In his column for Saudi Arabia’s pan-Arabic Asharq Alawsat, Ali Ibrahim makes an important point with direct application to those involved in ‘Arab Spring’. How winners of elections behave is important, of course, but equally important is how losers and their supporters behave. He uses the electoral defeat of French President Sarkozy as his launching pad. Sarkozy lost to François Hollande in a relatively close election: Hollande receiving 52% of the votes to Sarkozy’s 48%. That means that nearly half of the French population did not vote for Hollande. Nevertheless, they accept the defeat of their candidate and do not take to the streets or to their guns. They acknowledge that their candidate did not win the votes of a majority and they will have to do better next time around.
Surely, the defeated are not happy. They will complain. They will find fault in much that the Hollande government does. There will be editorials and screeds decrying the shift in politics and perhaps the economy. But they accept – peacefully and without violence – that they did not win.
How you lose is as important to democracy as how you win.
The speeches of the defeated French President and his newly elected replacement provide an eloquent lesson in the art of practicing political democracy. Following the announcement of the election results which were not in his favor, Nicolas Sarkozy – who is something of a rarity as a French president who failed to win a second presidential term – addressed his audience and supporters, in all humility, conceding defeat and saying: “I have not succeeded…I carry full responsibility for this defeat”. He added that France’s new president had come to power through popular democratic choice and that the French people must be patriotic and united behind him. He finished his speech congratulating his victorious opponent and calling on his supporters to respect the winner, pointing out that the political situation would be different now.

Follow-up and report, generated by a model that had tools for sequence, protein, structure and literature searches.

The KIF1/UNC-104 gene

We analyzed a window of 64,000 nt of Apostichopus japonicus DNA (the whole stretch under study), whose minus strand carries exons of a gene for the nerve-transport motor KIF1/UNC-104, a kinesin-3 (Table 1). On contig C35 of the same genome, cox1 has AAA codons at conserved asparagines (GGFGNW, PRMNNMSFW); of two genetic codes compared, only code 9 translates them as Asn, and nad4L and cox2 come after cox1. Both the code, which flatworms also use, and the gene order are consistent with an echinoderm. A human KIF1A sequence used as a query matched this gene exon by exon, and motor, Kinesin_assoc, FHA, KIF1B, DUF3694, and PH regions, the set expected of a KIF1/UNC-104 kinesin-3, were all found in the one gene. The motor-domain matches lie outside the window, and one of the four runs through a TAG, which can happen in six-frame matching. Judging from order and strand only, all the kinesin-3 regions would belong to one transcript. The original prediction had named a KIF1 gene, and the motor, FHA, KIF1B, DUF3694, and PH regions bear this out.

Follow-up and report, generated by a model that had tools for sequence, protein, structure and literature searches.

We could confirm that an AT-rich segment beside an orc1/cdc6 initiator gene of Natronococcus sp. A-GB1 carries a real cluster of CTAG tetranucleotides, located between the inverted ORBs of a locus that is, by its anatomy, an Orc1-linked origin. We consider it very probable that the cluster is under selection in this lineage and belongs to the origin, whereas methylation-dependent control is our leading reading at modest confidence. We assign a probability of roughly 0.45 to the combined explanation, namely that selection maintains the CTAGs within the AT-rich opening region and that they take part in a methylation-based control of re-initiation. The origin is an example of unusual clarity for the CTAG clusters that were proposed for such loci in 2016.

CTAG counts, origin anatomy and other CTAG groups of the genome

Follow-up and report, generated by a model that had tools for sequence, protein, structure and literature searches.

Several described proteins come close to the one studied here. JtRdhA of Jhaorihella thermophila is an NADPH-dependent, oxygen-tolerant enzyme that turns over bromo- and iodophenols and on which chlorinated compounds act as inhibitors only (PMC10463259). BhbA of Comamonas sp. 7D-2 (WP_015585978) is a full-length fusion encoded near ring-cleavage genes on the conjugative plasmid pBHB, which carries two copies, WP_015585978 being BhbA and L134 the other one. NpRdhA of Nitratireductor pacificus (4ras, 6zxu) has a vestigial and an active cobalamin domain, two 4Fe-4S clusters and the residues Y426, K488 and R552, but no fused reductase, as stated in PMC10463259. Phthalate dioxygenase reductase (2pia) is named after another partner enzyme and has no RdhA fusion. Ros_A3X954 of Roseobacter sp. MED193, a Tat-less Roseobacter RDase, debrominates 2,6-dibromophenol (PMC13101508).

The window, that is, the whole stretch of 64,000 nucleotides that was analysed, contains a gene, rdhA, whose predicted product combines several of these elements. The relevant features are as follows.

As for François Hollande, France’s President-elect, he did not forget in the euphoria of his victory speech to pay tribute, despite the boos of his supporters, to his defeated rival Sarkozy, who had led the country for 5 years, and as such deserves, according to Hollande, all due respect.
Between the winner and loser of the French presidential election was a difference in terms of votes of less than 4 percent; around 18 million voted in favor of Hollande and 16.9 million voted in favor of Sarkozy. Yet the 16.9 million will not oppose this election result, nor will the 2.1 million who cast blank or spoiled ballots; nobody will object to Hollande being their president for the next five years, even if they disagree with him.